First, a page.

Writer, poet and Peaky Blinders star Benjamin Zephaniah dies

Benjamin Zephaniah, the British poet and writer, has died aged 65.

He was diagnosed with a brain tumour eight weeks ago, with a post on his Instagram page describing him as a "true pioneer and innovator" who "gave the world so much".

"Benjamin's wife was by his side throughout and was with him when he passed," it added.

Fourteen collections of his poetry were published as well as five novels.

He acted, too, playing the role of Jeremiah Jesus in Peaky Blinders.

"Benjamin leaves us a joyful and fantastic legacy," his family said.

He turned down an OBE in 2003, writing: "Benjamin Zephaniah OBE - no way Mr Blair, no way Mrs Queen. I am profoundly anti-empire."

He begged Tony Blair to meet him to discuss crime in Britain and told the Queen to stop "going on about the empire".

When he was younger he was "involved in gangs and crime" and "just knew I could do better", he told Sky News in 2020.

Born and raised in the Handsworth area of Birmingham, he had dyslexia and left school at the age of 13, unable to read or write.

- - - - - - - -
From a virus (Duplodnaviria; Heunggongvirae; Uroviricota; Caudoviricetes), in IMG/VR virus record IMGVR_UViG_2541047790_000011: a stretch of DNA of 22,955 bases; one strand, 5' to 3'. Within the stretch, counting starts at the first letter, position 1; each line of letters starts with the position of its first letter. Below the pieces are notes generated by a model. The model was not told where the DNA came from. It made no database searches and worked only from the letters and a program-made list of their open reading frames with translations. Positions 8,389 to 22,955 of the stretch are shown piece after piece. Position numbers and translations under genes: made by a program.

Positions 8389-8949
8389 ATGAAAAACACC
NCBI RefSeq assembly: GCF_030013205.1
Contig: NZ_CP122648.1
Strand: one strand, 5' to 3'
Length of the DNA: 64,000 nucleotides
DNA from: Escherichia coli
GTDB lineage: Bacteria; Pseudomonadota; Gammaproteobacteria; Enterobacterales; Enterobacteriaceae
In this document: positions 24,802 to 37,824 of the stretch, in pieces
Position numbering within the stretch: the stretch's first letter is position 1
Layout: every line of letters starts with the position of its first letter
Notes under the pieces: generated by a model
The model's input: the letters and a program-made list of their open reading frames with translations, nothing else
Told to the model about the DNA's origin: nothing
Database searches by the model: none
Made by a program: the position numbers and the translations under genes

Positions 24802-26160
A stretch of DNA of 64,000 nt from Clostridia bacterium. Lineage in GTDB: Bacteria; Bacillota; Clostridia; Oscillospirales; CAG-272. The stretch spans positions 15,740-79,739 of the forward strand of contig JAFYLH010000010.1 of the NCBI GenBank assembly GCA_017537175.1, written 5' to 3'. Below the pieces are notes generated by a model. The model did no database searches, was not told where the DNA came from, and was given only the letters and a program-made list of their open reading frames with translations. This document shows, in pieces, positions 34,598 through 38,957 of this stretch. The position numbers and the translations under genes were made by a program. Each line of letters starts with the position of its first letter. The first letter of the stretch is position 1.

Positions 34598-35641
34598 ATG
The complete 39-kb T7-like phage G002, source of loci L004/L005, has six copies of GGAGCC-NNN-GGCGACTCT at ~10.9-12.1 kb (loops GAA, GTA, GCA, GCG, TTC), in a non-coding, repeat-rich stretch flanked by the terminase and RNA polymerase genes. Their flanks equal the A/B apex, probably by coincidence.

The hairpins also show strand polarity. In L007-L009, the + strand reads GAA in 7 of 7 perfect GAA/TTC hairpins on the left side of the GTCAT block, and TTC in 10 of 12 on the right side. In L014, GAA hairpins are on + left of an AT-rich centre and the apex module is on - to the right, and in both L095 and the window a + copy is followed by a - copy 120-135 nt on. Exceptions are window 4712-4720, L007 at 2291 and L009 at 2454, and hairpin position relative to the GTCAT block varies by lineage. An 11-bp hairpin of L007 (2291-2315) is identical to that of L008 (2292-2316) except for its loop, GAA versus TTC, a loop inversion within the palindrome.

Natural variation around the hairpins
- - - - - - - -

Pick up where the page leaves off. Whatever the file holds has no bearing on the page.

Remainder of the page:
But he was given an old, manual typewriter and started performing poetry on the "sound systems of Birmingham".

Waking up one morning, he said to himself, "that's it, I'm going to London".

His first book - Pen Rhythm - was published in 1980 when he was in his early 20s.

After becoming successful he bought a BMW but was stopped four times by the police and sold it, describing racism at the time as "very in your face".

Zephaniah's first writings were in dub poetry - a Jamaican style which evolved from the music genre of the same name.

As a young man he was "very angry with the world" and said in 2020 he was "still angry with the world" but had an "outlet" through his writing.

"That has saved my life," he said.

Zephaniah was nominated for autobiography of the year at the National Book Awards for The Life And Rhymes Of Benjamin Zephaniah.

It was also shortlisted for the Costa Book Award in 2018.

The Black Writers' Guild said Zephaniah was a "deeply valued friend" and a "titan of British literature".

He was also a "testimony to the transformational power of reading" and the "importance of craft", it added.

The children's author and poet Michael Rosen said he was "devastated" and had "learnt from him" and "loved him".

The Hay book festival said on social media: "Thank you for everything."

DJ and presenter Trevor Nelson said Zephaniah was a "unique talent" who had a "lot more to give".

Aston Villa Football Club said Zephaniah was a "lifelong fan" and had served as an ambassador for the club's foundation.

It said it was "deeply saddened" about the "legendary" writer and poet's passing.